By CARL GREEN
Springfield, IL – The “pension theft” legislation adopted by the Illinois legislature in late 2013 died its final death this month when the state supreme court ruled unanimously that it was unconstitutional.
The ruling protects the pensions of many thousands of state employees, both working and retired, including university workers and downstate public school teachers. It leaves unsolved the dilemma of how Illinois’ government will pay for those pensions after decades of inadequate funding.
The law never went into effect. Sangamon County Circuit Judge John Belz first struck it down in November. The state then appealed to the Supreme Court.
Republican Gov. Bruce Rauner and the Democratic-led legislature – not natural partners to start with – must now deal with the wreckage of a pension system that went unsupported by governors and legislators from both parties dating back to the 1960s.
The unfunded pension liability is now about $105 billion, the largest in the nation, and it threatens to bankrupt the state government or at least ruin its good credit.
The pension legislation included higher co-payments for workers, reduced cost-of-living adjustments and later retirement ages. Supporters said it was an even-handed way to cut $160 billion in costs out of the system over 30 years and keep it solvent for all recipients.
Opponents including AFSMCE, noting that the constitution says the state will not take away promised pension benefits, called it outright theft of benefits earned in good faith.
Michael Carrigan, president of the Illinois AFL-CIO, said the state’s split government must now work together to find a way to fund the pensions.
“Because most public employees aren’t eligible for Social Security, their modest pension – just $32,000 on average – is the primary source of retirement income for hundreds of thousands of Illinois families,” he said. “While workers always paid their share, politicians caused the debt by failing to make adequate contributions to the pension funds.
“Public service workers are helpers and problem-solvers by trade. With the Supreme Court’s unanimous ruling, we urge lawmakers to join us in developing a fair and constitutional solution to pension funding, and we remain ready to work with anyone of good faith to do so.”
The legislation, known as Senate Bill 1, was developed and promoted by labor supporters in the government, notably House Speaker Mike Madigan, and it was signed by former Gov. Pat Quinn, who also was the first governor in decades to make full contributions to the pension fund, although too late too avoid the huge shortfall.
One of the law’s drafters, Rep. Elaine Nekritz, a Democrat from Northbrook, near Chicago, said they were trying to avoid the very fix the state now is in.
“Our goal from the beginning of our work on pension reform has been to strike a very careful, very important balance between protecting the hard-earned investments of state workers and retirees and the equally important investments of all taxpayers in education, human and social services, health care and other vital state priorities,” she said.
“In its ruling, the Supreme Court struck down not only the law but the core of that balance. Now our already dire pension problem will get that much worse, and our options in striking that balance are limited. Our path forward from here is now more difficult, and every direction will be more painful than the balance we struck in Senate Bill 1.”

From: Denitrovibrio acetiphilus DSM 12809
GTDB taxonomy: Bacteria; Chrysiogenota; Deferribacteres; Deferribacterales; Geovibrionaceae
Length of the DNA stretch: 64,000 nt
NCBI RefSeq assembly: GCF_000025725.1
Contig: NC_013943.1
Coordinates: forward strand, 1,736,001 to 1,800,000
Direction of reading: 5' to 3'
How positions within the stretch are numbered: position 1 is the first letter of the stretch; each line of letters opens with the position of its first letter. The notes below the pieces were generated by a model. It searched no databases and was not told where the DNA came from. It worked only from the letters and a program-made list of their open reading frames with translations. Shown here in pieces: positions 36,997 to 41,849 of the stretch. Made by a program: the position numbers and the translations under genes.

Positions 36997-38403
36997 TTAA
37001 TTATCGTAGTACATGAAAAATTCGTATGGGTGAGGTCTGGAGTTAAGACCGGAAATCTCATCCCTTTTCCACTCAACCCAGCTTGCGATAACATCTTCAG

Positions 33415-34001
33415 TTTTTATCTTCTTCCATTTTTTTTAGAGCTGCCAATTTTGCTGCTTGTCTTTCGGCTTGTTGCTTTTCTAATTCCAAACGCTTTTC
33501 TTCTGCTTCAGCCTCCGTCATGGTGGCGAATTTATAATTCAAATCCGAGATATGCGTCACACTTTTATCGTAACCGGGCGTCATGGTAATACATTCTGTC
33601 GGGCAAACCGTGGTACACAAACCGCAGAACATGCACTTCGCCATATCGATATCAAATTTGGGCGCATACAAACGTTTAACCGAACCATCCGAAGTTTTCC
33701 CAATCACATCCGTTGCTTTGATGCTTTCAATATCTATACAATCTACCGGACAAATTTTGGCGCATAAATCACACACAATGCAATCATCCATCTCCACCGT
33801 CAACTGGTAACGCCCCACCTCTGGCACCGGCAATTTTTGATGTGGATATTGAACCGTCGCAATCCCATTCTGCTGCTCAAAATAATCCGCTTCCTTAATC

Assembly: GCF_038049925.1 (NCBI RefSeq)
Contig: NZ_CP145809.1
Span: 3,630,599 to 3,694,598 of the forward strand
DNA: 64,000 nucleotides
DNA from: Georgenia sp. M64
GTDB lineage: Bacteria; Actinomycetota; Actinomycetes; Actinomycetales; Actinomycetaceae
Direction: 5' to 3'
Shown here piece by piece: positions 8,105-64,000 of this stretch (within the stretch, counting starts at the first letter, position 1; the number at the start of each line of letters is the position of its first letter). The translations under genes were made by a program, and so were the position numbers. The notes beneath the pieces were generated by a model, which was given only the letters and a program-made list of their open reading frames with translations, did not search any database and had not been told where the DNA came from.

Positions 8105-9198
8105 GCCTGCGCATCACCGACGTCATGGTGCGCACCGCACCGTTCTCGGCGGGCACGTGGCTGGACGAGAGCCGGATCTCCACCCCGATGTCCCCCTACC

LABOR HAS A SAY
State Sen. Gary Forby, a Democrat from Benton in southern Illinois who now chairs the Senate Labor Committee, said the events show that unions need to be more involved in negotiating a plan to move forward. Unions had offered a counter-plan called the We Are One Coalition, which did not include cutting the future cost-of-living adjustments.
Said Forby: “I made a promise to the thousands of union members in my district that I would not support a pension reform plan that punishes working families. Now is the time to give labor a seat at the negotiating table so we can strike a fair balance between finding financial solvency and honoring our promises to workers.”
Rauner supports a corporate approach to the pension problem that will not likely attract much labor support – changing state law to create a new pension class of anybody hired from here on, who will be eligible only for a 401K investment plan instead of defined pension benefits.
A key figure going forward may well be Senate President John Cullerton, who had supported a plan that was more like what the unions proposed, and so was able to greet the Supreme Court decision as vindication, while also looking forward to new negotiations.
“This ruling is a victory for retirees, public employees and everyone who respects the plain language of our constitution,” he said. “That victory, however, should be balanced against the grave financial realities we will continue to face without true reforms.
“If there are to be any lasting savings in pension reform, we must face this reality within the confines of the Pension Clause. I stand ready to work with all parties to advance a real solution that adheres to the Illinois constitution.”
In an opinion representing the entire court, Republican Justice Lloyd Karmeier said the law clearly violated pension provisions of the 1970 constitution.
“Our economy is and has always been subject to fluctuations, sometimes very extreme fluctuations,” he wrote. “The law was clear that the promised benefits would therefore have to be paid and that the responsibility for providing the state’s share of the necessary funding fell squarely on the Legislature’s shoulders.
“The General Assembly may find itself in crisis, but it a crisis which other public pensions systems managed to avoid and … it is a crisis for which the General Assembly itself is largely responsible.”